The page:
Image by Thomas Breher

For as long as the internet has been mainstream, some group or another has been trying to censor it. A couple of years ago, websites such as Wikipedia, Google and Craigslist protested against a potential Congress bill intending to “curb internet privacy” (PIPA, or Protect Intellectual Property Act). SOPA resulted in a bunch of sites being intentionally blacked out to show their disapproval of this law, and the Government backed down. But not for long. Every couple of months, the U.S Government—or the European Union, the United Nations or some other government body—will attempt to introduce laws to censor the internet, usually under the guise of helping us.

We have Bill Clinton to thank for the internet not being taxed and regulated back in the 1990s. According to White House archives from the Clinton administration (Bill, not Hill):

The Internet and electronic commerce are central to continued economic growth and prosperity in the United States and around the world…The U.S. has an aggressive agenda to ensure that the Internet continues to be an engine of economic prosperity in the U.S.

Beautiful. This hasn’t stopped multiple attempts to censor the internet, especially from websites and companies who have previously been against censorship of the web. Google—one of the many protestors against PIPA—has been mistrustful with their treatment of the personal data of private citizens. Google Docs recently locked out users from viewing their own files, after an AI associated with scanning people’s files for hate speech allegedly malfunctioned. Google says they’ve fixed the issue, but how are we sure this won’t happen again, and Google will just use “violating Terms and Conditions” as an excuse for censoring those they disagree with politically?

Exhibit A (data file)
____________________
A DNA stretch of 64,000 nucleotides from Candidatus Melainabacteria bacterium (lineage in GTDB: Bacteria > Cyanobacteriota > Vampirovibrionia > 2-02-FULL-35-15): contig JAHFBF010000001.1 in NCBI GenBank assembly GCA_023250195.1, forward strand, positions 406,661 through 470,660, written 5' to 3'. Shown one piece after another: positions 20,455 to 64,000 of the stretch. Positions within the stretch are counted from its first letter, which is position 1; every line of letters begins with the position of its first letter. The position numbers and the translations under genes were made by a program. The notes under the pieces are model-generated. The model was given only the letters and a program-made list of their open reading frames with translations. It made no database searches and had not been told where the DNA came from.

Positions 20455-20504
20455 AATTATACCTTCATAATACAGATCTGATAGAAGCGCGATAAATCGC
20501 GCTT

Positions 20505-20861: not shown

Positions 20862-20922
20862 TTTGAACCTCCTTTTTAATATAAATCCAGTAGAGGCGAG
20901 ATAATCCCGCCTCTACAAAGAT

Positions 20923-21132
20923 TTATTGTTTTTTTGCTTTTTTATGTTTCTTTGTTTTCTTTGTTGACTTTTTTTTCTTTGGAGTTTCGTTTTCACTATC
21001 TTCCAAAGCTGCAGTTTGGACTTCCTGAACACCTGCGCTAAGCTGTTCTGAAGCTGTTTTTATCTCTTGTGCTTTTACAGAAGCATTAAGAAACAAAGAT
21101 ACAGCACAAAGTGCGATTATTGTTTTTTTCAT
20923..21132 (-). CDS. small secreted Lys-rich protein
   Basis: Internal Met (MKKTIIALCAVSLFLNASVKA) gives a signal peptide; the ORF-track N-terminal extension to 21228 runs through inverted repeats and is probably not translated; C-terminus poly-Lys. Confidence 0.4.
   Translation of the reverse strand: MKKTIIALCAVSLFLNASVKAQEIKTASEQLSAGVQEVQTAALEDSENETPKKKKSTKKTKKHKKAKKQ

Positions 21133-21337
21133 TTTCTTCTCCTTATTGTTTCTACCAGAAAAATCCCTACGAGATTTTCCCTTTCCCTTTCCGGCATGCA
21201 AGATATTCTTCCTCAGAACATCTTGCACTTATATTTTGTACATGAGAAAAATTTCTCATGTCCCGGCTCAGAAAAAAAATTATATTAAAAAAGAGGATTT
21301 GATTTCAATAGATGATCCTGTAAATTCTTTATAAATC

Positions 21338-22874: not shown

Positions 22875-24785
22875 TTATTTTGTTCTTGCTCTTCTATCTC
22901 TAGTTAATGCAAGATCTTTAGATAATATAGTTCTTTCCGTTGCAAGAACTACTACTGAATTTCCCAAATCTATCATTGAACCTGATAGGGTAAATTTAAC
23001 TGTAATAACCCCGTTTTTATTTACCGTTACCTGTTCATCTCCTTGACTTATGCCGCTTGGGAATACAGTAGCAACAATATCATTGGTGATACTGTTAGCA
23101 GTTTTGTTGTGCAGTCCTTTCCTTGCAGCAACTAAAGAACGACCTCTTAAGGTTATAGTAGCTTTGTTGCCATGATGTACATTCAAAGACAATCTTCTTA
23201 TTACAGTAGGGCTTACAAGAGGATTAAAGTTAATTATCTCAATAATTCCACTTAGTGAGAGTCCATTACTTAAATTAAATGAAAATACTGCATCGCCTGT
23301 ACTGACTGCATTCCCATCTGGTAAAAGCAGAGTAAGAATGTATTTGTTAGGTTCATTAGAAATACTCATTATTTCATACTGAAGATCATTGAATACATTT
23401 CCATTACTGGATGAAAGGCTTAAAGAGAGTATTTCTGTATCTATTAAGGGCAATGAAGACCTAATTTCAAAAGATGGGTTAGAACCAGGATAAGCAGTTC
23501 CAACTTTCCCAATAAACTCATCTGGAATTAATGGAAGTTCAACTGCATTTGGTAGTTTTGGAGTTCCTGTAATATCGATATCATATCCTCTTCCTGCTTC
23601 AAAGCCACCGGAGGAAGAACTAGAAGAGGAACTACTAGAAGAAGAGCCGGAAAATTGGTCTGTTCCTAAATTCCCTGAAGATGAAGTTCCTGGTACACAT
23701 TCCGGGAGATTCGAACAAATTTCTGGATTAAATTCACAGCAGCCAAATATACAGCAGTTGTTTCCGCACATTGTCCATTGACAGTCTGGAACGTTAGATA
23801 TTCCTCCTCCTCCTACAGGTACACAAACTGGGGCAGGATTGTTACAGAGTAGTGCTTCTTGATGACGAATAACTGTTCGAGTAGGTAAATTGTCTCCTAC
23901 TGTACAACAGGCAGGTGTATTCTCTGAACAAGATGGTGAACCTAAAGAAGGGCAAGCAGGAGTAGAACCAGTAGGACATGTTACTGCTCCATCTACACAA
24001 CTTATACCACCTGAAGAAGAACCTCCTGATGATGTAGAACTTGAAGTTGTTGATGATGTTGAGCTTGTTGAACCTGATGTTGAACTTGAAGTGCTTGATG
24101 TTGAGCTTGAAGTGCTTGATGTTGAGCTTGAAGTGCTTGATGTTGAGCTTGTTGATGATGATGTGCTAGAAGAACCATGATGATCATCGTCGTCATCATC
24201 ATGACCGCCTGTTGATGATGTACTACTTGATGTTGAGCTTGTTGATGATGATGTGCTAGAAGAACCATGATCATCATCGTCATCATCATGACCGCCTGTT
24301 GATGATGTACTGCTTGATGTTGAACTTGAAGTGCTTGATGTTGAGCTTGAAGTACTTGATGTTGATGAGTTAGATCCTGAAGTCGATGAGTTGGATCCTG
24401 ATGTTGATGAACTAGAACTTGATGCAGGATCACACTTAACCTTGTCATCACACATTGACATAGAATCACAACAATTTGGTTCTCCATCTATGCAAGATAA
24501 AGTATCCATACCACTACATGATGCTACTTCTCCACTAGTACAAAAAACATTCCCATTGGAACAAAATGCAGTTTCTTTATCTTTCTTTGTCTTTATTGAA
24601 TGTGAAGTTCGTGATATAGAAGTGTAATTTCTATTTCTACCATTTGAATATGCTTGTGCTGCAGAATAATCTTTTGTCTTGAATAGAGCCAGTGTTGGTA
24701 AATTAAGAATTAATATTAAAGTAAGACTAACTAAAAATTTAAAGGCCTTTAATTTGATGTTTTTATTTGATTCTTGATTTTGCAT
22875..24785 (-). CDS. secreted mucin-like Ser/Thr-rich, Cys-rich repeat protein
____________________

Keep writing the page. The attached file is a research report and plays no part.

Twitter has faced a  lot of backlash for giving verification ticks to alleged white supremacists and even neo-Nazis. There was a huge controversy—and many dye-in-the-wool Twitter users threatened to deactivate their accounts—when Jason Kessler, the organizer of the Unite the Right protest in Charlottesville, was given the blue checkmark. Recently, Jason Kessler, alongside a slew of other Right-wing commentators, including Laura “SJWs slashed my car tires” Loomer, Richard Spencer, and others also lost their verified mark on the site. Twitter is free to do what they want, but the blue checkmark is not meant to be a sign of “the correct viewpoints”. As disagreeable and hateful as these aforementioned Twitter users may be, they should be influential enough to receive verified status. If this isn’t enough of a problem, Twitter has a huge censorship problem, and doesn’t seem to mind banning anyone who doesn’t agree with their politics. They’ve also introduced a “See more” section in their comments section, where anyone deemed politically incorrect is pushed, further censoring their comments from the general population.

Mozilla—the creator of Firefox, one of the most popular internet browsers—has taken censorship, under the guise of helping netizens, to a new level. Just like Twitter believes censoring disagreeable users will create a safer environment, Mozilla believes censoring the internet will make it better: